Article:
We are concerned only about the delays and not anything else , with C both possibilities arise commercial and residential dev could mean more delays or less delays depending on how the construction is done, if the construction is efficient one might actually reduce delays. Hence this option is Out of scope or at the best Neutral
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Re: Only a reduction of 10 percent in the number of scheduled [#permalink] New post 31 Aug 2012, 09:33
It is a bit odd to see that the right answer in a "strengthener" question attacks a premise! the new airport was supposed to be an "attractive alternative" as mentioned in the stimulus. Are you sure of the source of this question?
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Re: Only a reduction of 10 percent in the number of scheduled [#permalink] New post 31 Aug 2012, 14:06
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Qassam wrote:
It is a bit odd to see that the right answer in a "strengthener" question attacks a premise! the new airport was supposed to be an "attractive alternative" as mentioned in the stimulus. Are you sure of the source of this question?


This is from OG 13 – #22 in the CR section.

This is framed as a Strengthen question, but it's actually best to think of it as a Weaken!

Note that the argument is deconstructed as

- We need a 10% reduction to help with delays.
- Expanding a nearby airport could make that airport attractive for up to 20% of the passengers.

Then the "experts" basically say "this plan won't work". Since we're asked to justify the experts' opinion, we could think of this as weakening the unstated conclusion "this plan will work."

(E) does not attack a premise. Rather, it basically gives a reason for why switching to the alternative airport won't be a good option for the airlines. The premise states that switch would be appealing to the passengers. Well, if it's appealing to the passengers, but the airlines have a reason not to do it, that weakens the claim that the plan will work!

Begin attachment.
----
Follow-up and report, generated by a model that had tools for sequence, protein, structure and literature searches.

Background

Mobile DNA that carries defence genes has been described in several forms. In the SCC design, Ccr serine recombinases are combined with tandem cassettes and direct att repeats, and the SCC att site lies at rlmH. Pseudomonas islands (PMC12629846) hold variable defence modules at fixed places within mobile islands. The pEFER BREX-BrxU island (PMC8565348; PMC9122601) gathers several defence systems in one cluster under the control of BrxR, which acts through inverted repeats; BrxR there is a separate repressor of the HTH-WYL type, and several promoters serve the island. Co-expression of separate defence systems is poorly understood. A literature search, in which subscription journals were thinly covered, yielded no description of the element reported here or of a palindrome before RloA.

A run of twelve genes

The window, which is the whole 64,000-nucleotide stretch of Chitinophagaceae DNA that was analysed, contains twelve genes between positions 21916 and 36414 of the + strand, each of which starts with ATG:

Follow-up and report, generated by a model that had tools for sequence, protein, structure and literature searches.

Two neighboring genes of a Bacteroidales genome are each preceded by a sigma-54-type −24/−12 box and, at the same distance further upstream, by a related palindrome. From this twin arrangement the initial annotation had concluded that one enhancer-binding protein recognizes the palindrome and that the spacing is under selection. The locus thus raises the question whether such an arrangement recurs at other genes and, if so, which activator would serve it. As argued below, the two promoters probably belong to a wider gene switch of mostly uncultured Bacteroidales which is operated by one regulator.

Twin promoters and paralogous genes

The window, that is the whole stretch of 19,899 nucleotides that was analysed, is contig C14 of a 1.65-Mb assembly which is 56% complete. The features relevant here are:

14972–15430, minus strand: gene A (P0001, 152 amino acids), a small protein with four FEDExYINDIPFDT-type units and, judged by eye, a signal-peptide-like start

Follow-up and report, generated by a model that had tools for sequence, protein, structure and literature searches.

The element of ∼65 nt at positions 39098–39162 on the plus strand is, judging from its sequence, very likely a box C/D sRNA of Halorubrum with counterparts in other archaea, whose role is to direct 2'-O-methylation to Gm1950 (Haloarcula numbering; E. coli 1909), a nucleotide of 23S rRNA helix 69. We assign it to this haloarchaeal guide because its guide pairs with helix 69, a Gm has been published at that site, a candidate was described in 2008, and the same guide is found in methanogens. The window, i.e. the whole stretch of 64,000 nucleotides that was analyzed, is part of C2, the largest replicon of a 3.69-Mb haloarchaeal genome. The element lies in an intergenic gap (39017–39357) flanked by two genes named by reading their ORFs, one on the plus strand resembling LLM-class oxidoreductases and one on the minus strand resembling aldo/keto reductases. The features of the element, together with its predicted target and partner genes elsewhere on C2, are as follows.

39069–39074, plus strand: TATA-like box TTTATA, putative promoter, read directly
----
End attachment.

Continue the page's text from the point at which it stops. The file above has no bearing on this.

Hope that helps!

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Re: Only a reduction of 10 percent in the number of scheduled [#permalink] New post 21 Oct 2013, 15:56
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Re: Only a reduction of 10 percent in the number of scheduled [#permalink] New post 22 Oct 2013, 07:19
MarkSullivan wrote:
(E) does not attack a premise. Rather, it basically gives a reason for why switching to the alternative airport won't be a good option for the airlines. The premise states that switch would be appealing to the passengers. Well, if it's appealing to the passengers, but the airlines have a reason not to do it, that weakens the claim that the plan will work!


What is not clear to me is how to interpret E that it won't be a good option for the airlines? It seems to suggest that the plan would reduce "congestion".
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Re: Only a reduction of 10 percent in the number of scheduled [#permalink] New post 26 Oct 2013, 02:34
Reopening for further discussion. Please justify your answers.

Only a reduction of 10 percent in the number of scheduled flights using Greentown's airport will allow the delays that are so common there to be avoided. Hevelia airstrip, 40 miles away, would, if upgraded and expanded, be an attractive alternative for fully 20 percent of the passengers using Greentown airport. Nevertheless, experts reject the claim that turning Hevelia into a full-service airport would end the chronic delays at Greentown.

Which of the following, if true, most helps to justify the experts' position?

(A) Turning Hevelia into a full-service airport would require not only substantial construction at the airport itself, but also the construction of new access highways.